NZXT Switch 810 Full Tower PC Chassis Review (Hardware)
Posted by Jeff Lindsey (Piso_mojado), Apr 09, 2012 22:20
With all the maintenance, upkeep, and thoughtful installation, apart from enthusiast, custom liquid cooling loops are out of the question. However, there is an elite group of PC users out there who are up for the challenge and are looking for the lowest temperatures possible. However, the sky is not the limit when it comes to liquid cooling, but rather your case and what it will hold. The NZXT Switch 810 is a new case designed specifically for enthusiasts with enough room to hold practically anything you could imagine putting in it. NZXT sent a sample case to GDN for review and our reaction was nothing short of pure amazement.
External Design of the Switch 810
If you only had one word to describe the Switch 810, it would have to be “Features.” The front panel of the case is very stealthy looking from factory. At the top is a hidden panel that contains the front I/O ports. From left to right, you will see 2 USB 2.0 ports, 2 USB 3.0 ports, a SD memory card slot, 3.5 mm audio and microphone jacks, and power reset and LED buttons. Everything is fairly familiar to PC users except for the LED button. With a simple press, 2 white LEDs activate on the back allowing you to easily see all of your motherboard’s and expansion card’s I/O ports.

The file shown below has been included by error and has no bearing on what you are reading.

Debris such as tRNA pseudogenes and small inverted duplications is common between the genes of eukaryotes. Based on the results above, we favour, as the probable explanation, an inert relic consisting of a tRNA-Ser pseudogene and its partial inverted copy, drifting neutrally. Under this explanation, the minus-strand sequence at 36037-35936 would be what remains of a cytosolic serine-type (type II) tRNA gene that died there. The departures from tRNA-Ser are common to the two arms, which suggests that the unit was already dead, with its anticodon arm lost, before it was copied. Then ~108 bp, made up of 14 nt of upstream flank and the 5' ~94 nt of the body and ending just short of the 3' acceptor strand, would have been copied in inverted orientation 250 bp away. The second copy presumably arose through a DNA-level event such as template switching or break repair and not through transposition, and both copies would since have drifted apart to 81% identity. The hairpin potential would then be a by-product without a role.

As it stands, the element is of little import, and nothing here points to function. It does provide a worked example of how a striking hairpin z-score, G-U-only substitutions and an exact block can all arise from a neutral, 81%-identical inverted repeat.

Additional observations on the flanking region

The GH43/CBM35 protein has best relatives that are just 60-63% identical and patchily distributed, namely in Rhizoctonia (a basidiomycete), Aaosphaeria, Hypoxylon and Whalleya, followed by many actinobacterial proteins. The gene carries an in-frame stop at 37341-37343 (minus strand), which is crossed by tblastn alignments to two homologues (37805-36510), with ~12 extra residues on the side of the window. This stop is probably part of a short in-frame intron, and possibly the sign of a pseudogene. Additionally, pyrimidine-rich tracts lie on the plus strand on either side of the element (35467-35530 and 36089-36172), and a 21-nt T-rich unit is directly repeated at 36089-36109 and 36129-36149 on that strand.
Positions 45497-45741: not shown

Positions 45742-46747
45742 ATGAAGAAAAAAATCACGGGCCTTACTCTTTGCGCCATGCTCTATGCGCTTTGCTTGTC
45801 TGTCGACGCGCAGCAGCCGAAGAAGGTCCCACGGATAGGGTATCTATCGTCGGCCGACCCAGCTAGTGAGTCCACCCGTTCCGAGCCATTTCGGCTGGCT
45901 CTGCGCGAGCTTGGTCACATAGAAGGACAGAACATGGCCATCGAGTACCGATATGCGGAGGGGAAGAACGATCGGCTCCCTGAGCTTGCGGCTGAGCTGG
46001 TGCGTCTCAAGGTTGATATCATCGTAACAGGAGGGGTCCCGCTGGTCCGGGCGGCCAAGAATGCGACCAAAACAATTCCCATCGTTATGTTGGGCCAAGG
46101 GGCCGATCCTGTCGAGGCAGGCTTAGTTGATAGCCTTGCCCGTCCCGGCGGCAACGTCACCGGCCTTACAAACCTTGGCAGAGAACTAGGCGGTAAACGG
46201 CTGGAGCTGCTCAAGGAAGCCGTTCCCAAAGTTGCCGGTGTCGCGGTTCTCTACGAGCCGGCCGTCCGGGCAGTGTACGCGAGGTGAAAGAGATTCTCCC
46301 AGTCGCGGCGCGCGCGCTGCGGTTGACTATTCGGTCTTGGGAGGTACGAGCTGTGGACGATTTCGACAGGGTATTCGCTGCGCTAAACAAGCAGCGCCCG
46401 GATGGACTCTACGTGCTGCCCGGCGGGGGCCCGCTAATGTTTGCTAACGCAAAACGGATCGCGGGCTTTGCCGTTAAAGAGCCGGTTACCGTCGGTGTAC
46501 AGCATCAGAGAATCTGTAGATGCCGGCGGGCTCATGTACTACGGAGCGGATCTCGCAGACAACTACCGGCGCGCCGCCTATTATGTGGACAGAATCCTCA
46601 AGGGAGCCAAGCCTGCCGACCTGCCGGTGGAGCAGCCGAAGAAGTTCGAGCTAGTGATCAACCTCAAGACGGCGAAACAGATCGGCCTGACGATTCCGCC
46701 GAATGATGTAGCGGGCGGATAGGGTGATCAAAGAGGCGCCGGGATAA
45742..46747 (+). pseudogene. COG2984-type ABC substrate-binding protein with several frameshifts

Below the hidden panel, there is what appears to be four 5.25” drive bays. The top one includes a stealth drive bay cover allowing you to make your optical drive blend in with the front of the case. While you can use the bottom one can be used as a drive bay by removing 4 screws from the inside, by default this bay actually holds a hot swap HDD/SSD tray. Just below this, a slight push on the NZXT logo, and you have access to 2 spots for 120/140mm front intake fans. From factory, only one 140mm fan is included here.
The side panels are fairly standard. Nothing to see on the motherboard side, but a rather large, angular window lets you see your components from the other. The back of the case has room for 9 expansion slots and 4 ports for water cooling tubes. Here you will also notice the space for a bottom mounted power supply and the unique fan rails. The long fan rails lets you mount a 120 or 140mm output fan on the back and slide it up or down for precision airflow. I already told you about the 2 white LEDs that light up the I/O ports, so the last feature on the back is at the fan filter. Placed at the bottom of both the front and back, the filters stretch across the entire bottom of the case preventing unwanted dust from entering.
The top of the case holds the power button, power LED, Hard Drive activity LED, and unique air vents. These air vents will open and close allowing the user to choose between maximum airflow and the less case noise. The best thing about the top panel is that it removes with a gentle push on the right spot. With the top panel removed, you have plenty of room for a radiator or three 120/140mm case fans.
Rating: 5.0, votes: 5